With all psychometric tests it is important to read and fully understand the test instructions before starting the test. With such complex test formats as these it’s worth repeating this advice again. There are many different types of question format when it comes to critical thinking tests and you must know in advance exactly what each type of question is asking for.

LNAT test strategies Part II

Firstly, do not let your own general knowledge lead you stray. It’s vital that you do not let any of your personal opinions or your general knowledge influence your answers even slightly. This recommendation applies even if it seems that the correct answer is in direct contradiction to what you know to be true.

Secondly, expect that each passage contains at least two sides from the “undecided debate” of a contentious issue.

Thirdly, improving the speed with which you can digest complex prose will help your test performance.

Fourthly, focus on the core of the argument and its supporting evidence, together with the author’s stance on the issue.

Fourth, whilst you need to absorb the test passages as efficiently as possible, that does not mean that you need to rush your answers. Quite the opposite since there will be many different question formats. Some questions will be relatively easy. For other more involved questions you will need to allow yourself more time.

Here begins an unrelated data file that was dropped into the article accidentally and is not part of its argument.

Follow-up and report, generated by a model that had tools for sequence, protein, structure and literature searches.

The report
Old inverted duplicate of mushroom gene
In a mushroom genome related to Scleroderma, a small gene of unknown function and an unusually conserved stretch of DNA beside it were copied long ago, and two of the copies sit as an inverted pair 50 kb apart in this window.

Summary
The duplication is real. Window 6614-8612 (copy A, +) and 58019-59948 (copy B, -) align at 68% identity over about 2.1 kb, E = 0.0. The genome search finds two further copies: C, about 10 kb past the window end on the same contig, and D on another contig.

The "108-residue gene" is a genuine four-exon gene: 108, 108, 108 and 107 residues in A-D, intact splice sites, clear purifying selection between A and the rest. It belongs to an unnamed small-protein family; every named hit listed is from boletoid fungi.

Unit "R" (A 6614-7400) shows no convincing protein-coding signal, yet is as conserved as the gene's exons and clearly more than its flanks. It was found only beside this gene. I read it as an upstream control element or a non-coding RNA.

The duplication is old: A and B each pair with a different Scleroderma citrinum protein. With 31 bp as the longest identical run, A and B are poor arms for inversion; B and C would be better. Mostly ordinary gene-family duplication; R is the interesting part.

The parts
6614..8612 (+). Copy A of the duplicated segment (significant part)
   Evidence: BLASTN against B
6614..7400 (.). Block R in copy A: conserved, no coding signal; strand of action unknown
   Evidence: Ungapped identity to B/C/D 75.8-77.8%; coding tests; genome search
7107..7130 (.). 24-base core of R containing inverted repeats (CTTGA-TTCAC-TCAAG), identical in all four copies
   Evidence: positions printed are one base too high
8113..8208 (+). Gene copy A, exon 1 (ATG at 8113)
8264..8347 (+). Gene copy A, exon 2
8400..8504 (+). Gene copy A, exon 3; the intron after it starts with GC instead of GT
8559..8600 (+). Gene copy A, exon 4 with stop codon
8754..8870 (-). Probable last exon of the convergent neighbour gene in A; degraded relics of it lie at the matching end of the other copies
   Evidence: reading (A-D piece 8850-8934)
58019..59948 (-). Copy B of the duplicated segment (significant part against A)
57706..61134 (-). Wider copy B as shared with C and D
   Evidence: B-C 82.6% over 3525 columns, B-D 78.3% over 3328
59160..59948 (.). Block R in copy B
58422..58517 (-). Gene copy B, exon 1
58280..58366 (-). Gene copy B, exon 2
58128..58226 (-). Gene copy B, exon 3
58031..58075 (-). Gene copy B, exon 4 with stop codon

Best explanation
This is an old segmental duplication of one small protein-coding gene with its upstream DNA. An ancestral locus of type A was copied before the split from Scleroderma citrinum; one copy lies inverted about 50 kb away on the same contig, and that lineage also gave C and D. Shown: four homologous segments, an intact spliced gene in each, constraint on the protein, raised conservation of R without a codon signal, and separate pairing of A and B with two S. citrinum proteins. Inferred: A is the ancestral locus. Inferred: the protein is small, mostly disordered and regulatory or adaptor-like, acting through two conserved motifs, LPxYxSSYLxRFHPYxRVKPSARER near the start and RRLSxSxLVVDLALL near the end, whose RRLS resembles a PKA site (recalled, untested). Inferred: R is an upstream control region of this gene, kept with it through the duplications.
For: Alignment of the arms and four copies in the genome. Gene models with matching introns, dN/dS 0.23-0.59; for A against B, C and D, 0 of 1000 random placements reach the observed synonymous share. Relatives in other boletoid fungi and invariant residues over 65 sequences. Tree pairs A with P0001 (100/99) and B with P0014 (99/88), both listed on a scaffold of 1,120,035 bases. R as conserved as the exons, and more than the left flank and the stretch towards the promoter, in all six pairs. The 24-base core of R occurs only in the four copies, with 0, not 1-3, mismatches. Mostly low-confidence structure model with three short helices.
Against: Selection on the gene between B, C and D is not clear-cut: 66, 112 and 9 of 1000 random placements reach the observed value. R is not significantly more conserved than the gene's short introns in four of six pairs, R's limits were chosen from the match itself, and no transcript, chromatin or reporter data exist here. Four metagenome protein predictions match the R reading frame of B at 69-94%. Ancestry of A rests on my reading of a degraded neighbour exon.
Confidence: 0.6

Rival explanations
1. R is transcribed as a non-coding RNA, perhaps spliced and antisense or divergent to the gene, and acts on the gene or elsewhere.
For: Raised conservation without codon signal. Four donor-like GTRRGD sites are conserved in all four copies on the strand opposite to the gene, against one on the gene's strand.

LNAT test strategies Part III

Fifth, double check that you are 100% clear on what the question is asking for.

Also, do take care when interpreting the meaning of complex words.

Finally, look out for any words that imply something absolute, such as “always”, “never”, “all”. Do not confuse these with similar words or phrases that are not so definitive (e.g. “almost always, most of the time, invariably” and “often”) and the weak forms (e.g. “sometimes”, “some of the time” etc).

Following on from the above point you need to understand the development of an argument. In particular what points are relevant to a specific argument and what points are irrelevant.

LNAT test strategies Part IV

Familiarise yourself with how journalists write comment and Opinion articles online or in the broadsheet newspapers.

– How are individual’s opinions, counteracts and factual evidence expressed.

– Is there one or more argument? One or more conclusion?

– Is each piece of information reliable? Would you draw the same conclusion yourself.

– What additional information would you need to frame a counterargument?

My Practice Aptitude Test book

Passing Verbal Reasoning Practice Tests including a whole chapter devoted firstly to Critical verbal reasoning test practice and secondly, to critical verbal reasoning test tips.